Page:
Monday, March 24, 2014

Misc Shenanigans

Hi readers!  My sewing queue has been quiet for a little while, let me explain what's up.

First I went on a glorious and overdue trip to Florida to visit my family.  I got to spend time with the mouse, not to mention sunshine, and it was wonderful.

When I got home, I promptly came down with The Epic Cold of 2014.  I was miserable for another week.  Like, not a few crappy days and a few not great days, but I mean a full week of super craptacular days.  It wasn't fun.  I'm still coughing up a lung.  Being on the mend is exhausting, and I can't say I've wanted to do much besides lay on my couch.

Finally we reach today.  I have recovered some energy and my brain has cleared enough that I can function again!  However, there is another issue on the horizon.  Due to personal adventures coming up this year, I am cutting back on selfish sewing.  I am looking for projects to do for other people and have offered my services out to Facebook friends and family.  I have a couple bites, so hopefully something will come of those!

In the meantime, I still have a Coco on my to-do list.  I have the pattern, fabric, and even thread.  I just need to get around to making it.  I'm basically copying the gorgeous aqua funnel neck version that Tilly models.  So pretty!  Retro!  Yay!!

Also, now that Spring is around the corner I can finally start to think about making my Jasmine top again.  Last summer I bought pretty turquoise with white polka dot fabric from Gertie's Etsy shop and a nice white cotton for the contrast pieces.  I love the design but honestly I'm a little nervous that once I make it I will never wear it.  I'm anxious that it won't fit me properly.  I guess that's the point of sewing and fitting.  I should probably make a muslin first to check the fit.  Yeah.  That would be wise.

My mom and I on the monorail, on our way to the Magic Kingdom!

Tuesday, February 25, 2014

Making a Frame Bag

A friend of mine saw on Facebook that I've been sewing up a storm and asked if I could sew together a frame bag for his bike.  Sure, why not?!

Google, of course, is a wealth of knowledge and he had already done a lot of research and knew what he wanted.  I had him make a card board cut out of the space where this bag could go.  He actually went about five steps further and indicated exactly where the zippers should go and where the velcro should go.  After a quick meeting I was able to get all the information I needed to make the perfect bag for him.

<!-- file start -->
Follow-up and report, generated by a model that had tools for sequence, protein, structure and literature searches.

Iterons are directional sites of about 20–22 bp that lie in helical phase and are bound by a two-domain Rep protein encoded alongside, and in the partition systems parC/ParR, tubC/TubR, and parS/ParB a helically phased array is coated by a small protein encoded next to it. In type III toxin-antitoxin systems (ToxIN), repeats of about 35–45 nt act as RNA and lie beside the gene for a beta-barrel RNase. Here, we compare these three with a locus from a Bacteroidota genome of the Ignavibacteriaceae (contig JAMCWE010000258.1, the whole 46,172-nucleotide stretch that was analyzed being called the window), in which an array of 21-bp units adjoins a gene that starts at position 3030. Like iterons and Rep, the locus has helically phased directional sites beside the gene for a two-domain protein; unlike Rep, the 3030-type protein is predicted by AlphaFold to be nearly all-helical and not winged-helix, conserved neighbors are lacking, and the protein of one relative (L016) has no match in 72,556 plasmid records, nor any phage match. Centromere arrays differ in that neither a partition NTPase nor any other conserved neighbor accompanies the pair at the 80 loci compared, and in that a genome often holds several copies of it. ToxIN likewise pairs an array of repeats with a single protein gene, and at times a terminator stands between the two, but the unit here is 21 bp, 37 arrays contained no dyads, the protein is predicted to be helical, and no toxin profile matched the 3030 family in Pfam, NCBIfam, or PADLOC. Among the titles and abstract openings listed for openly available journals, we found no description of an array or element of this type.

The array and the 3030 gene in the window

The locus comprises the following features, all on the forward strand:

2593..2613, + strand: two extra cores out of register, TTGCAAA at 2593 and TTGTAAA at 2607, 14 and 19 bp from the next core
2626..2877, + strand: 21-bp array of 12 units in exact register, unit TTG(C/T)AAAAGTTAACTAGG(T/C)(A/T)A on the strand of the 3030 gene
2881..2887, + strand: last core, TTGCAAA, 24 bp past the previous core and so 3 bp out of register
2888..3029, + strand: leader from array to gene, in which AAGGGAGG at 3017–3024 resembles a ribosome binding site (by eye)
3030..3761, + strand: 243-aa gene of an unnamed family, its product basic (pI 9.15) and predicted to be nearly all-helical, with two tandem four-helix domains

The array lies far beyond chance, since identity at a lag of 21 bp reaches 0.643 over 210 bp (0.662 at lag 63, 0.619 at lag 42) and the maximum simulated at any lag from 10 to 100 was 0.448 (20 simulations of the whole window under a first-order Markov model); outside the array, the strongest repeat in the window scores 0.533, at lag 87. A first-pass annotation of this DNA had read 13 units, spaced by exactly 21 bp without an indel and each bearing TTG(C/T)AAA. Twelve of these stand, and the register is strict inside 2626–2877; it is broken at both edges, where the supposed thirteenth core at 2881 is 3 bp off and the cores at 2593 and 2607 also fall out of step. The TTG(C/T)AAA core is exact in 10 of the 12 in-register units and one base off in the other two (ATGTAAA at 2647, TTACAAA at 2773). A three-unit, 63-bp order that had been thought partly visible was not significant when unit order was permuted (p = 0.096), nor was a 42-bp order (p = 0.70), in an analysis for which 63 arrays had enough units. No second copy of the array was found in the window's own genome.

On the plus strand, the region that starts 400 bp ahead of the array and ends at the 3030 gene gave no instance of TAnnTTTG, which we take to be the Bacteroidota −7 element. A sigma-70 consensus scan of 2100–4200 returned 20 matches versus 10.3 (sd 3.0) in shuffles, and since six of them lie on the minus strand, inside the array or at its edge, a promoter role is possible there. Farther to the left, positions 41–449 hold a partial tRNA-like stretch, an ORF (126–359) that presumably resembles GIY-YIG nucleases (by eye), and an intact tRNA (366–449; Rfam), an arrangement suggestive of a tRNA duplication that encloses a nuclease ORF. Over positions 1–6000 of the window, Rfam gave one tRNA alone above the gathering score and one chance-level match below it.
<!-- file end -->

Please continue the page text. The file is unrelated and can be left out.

With the cut out I was able to create pattern pieces on Swedish Tracing Paper.  I then made a sort of muslin of the bag not only to make sure I was competent in assembling this thing, but also to measure how much fabric we needed.
I have to say, I'm pretty happy with how it turned out.  I used a new technique illustrated in a book my mother in law gave me for Christmas to make a darted inner pocket.  This created a pocket with depth so things like a cell phone and keys.

I used Cordura 500 Denier fabric and heavy duty sport zippers.  There is 2" velcro on all sides for him to attach the bag to his bike.  My friend requested three pockets, the small one I mentioned above, a large main pocket and a lower pocket for tools and such.  Some frame bags have a velcro piece to separate these pockets, but he didn't need to have the option of combining the inner pockets.  My friend also requested a nice patch to be attached on either side for a bit of personalization.  I wasn't sure if my little Brother could handle this, in addition to the thick Cordura 500D fabric, but it handled like a dream.  All is takes is the right needle!  (With this knowledge, I just might revive my Haunted Mansion purse!)  We purchased most of the supplies from

Wanna see pictures of my masterpiece?!
Look how bravely he faces the snow!
Get me from my good side, darling.
Another addition I made to the bag was I lined the side panels and slipped thick pieces of foam between the layers to provide structure to the bag.  I am mighty proud of this bag.  I truly hope it is nice and durable, but time shall tell.  My friend also sent me a picture of the bag uniting with it's life partner:
Yes.  This I am proud of.  My friend has updated me to let me know the bag held all his belongings nicely during a long winter ride.


Cake Patterns Cabarita Top!

I've been eyeballing the Cake Patterns Riff Cabarita top for a while.  I already bought this adorable tonal knit from Girl Charlee just for this shirt.
I'm in love with this fabric.  It's gorgeous.  The color is hard to capture in a photo, so this swatch from Girl Charlee is the most accurate.

Cake's Riff pattern line is a condensed version of a pattern.  Simple instructions, plus the pattern.  Previous experience with knits (even better, experience with Cake Patterns) is recommended.  I wasn't 100% sure that I qualified for the project, but it didn't include any new techniques so I figured I would be okay.

Cake Patterns has an innovative sizing method where you basically trace your own size.  This keeps fitting adjustments to a minimum, which I think is pretty damn cool.  The bodies of women vary so widely, in size and shape and length and dimension, really Steph's patterns are quite genius.  This is exactly why I started sewing.  My body is so uniquely shaped that it can be hard to find off the rack clothes in the styles that I want.  Sewing allows for full customization.  What's not to love?

The only issue I had in making this top was attaching the collar.  Generally you pin right sides together, sew, then the seam gets tucked inside.  However the collar "rolls" and I was a little confused.  I think I did it right in the end, but we'll see how it wears.  Since my fabric is pretty lightweight I did add a lightweight interfacing to the collar.  I also handsewed a few tacks to keep the collar and the seam in the right place.  The collar is understitched to prevent the seam from rolling to the front, but I think the weight of the collar kept pulling it out anyway.